Las Vegas Sun

November 27, 2022

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Pilot error cited in mid-air crash

The March 17 mid-air collision of two Air Force fighter jets 65 miles northeast of Las Vegas was caused by pilot error, military officials announced Friday.

Capt. Mike Zamiska misjudged the position of Maj. Steve Early's F-15 and clipped the wing of Early's plane, the investigation concluded. Zamiska ejected from his $31 million aircraft, which was destroyed when it plunged into the desert.

Early was able to land at Nellis Air Force Base despite $479,632 in damage to his plane.

The pilots were participating in air-to-air combat maneuvers with a third plane when the accident happened, according to a report released by Air Combat Command.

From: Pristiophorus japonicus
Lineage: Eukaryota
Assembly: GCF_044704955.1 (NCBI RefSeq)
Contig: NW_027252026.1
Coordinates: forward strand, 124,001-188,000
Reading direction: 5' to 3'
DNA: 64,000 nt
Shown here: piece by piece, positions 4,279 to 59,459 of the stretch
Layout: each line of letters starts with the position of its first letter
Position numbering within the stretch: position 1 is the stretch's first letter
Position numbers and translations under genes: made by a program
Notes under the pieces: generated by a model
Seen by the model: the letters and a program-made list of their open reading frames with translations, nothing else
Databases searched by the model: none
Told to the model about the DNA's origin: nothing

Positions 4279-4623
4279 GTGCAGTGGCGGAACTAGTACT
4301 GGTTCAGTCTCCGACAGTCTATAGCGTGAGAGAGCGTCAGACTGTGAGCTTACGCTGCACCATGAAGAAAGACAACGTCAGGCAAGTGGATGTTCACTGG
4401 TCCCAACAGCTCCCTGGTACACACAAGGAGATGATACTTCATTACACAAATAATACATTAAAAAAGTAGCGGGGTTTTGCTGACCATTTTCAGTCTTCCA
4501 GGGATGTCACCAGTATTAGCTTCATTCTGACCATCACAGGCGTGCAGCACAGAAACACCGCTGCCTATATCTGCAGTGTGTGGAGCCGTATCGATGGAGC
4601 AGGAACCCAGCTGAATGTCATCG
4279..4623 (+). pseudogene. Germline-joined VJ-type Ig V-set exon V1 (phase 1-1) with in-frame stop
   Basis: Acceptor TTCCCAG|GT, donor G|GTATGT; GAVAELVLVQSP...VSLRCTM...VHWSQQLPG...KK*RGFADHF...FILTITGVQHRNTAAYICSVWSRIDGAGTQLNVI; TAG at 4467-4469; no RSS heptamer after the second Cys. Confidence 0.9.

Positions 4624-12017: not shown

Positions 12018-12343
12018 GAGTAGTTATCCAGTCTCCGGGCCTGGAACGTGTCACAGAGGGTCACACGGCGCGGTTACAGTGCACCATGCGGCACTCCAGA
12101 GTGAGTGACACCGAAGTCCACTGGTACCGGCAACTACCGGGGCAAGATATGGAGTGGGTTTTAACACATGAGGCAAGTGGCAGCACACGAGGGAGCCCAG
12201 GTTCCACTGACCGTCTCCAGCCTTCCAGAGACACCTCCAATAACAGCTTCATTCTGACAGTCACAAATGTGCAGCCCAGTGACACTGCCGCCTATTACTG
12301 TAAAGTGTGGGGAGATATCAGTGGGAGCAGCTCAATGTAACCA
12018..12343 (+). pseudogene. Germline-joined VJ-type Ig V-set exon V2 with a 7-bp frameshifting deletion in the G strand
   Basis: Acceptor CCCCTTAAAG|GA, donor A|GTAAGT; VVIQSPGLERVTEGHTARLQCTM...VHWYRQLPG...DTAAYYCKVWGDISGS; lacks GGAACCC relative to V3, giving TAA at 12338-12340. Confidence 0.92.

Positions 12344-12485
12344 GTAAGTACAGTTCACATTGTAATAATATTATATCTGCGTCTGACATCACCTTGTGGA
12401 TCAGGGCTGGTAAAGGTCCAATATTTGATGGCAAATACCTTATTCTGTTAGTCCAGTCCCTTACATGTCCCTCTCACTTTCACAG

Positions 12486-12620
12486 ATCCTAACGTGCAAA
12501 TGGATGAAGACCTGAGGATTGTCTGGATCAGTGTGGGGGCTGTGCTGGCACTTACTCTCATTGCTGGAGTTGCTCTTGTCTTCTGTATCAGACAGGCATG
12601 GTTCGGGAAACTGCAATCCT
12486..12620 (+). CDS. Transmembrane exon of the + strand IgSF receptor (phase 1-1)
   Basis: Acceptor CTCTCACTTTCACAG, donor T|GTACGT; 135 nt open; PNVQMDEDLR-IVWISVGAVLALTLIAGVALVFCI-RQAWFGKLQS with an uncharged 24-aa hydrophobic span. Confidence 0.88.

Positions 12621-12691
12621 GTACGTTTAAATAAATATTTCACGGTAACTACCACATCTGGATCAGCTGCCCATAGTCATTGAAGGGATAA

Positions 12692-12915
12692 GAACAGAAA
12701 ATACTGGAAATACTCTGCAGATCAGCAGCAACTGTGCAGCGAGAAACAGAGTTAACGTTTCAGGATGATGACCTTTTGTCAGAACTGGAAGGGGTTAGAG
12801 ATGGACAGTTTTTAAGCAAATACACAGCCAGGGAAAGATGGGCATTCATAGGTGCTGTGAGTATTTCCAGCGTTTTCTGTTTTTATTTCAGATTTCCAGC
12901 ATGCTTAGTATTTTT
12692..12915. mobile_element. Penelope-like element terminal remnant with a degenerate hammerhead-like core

Zamiska, "misjudged his leader's position and failed to coordinate his flight path after taking a simulated shot at the bandit," the report states.

Both pilots and their planes are assigned to the 422nd Test and Evaluation Squadron at Nellis.

Now that a cause of the crash has been determined, Zamiska's commanding officer will determine what, if any, disciplinary action will be taken against Zamiska.

Human error was also the cause of a Dec. 4 collision of two A-10 Thunderbolt IIs over the Nevada Test and Training Range in December that resulted in the death of one of the pilots.

Capt. Eric Palaro, a pilot who was assigned to the 52nd Fighter Wing at Spangdahlem Air Base in Germany, was killed after he reportedly lost sight of the formation he was flying in and collided with another A-10.

Scott Kniep, an instructor with the Air Force Weapons School at Nellis, ejected safely from the second A-10 involved in the collision.

That crash destroyed both of those planes, which are valued at $9.8 million apiece.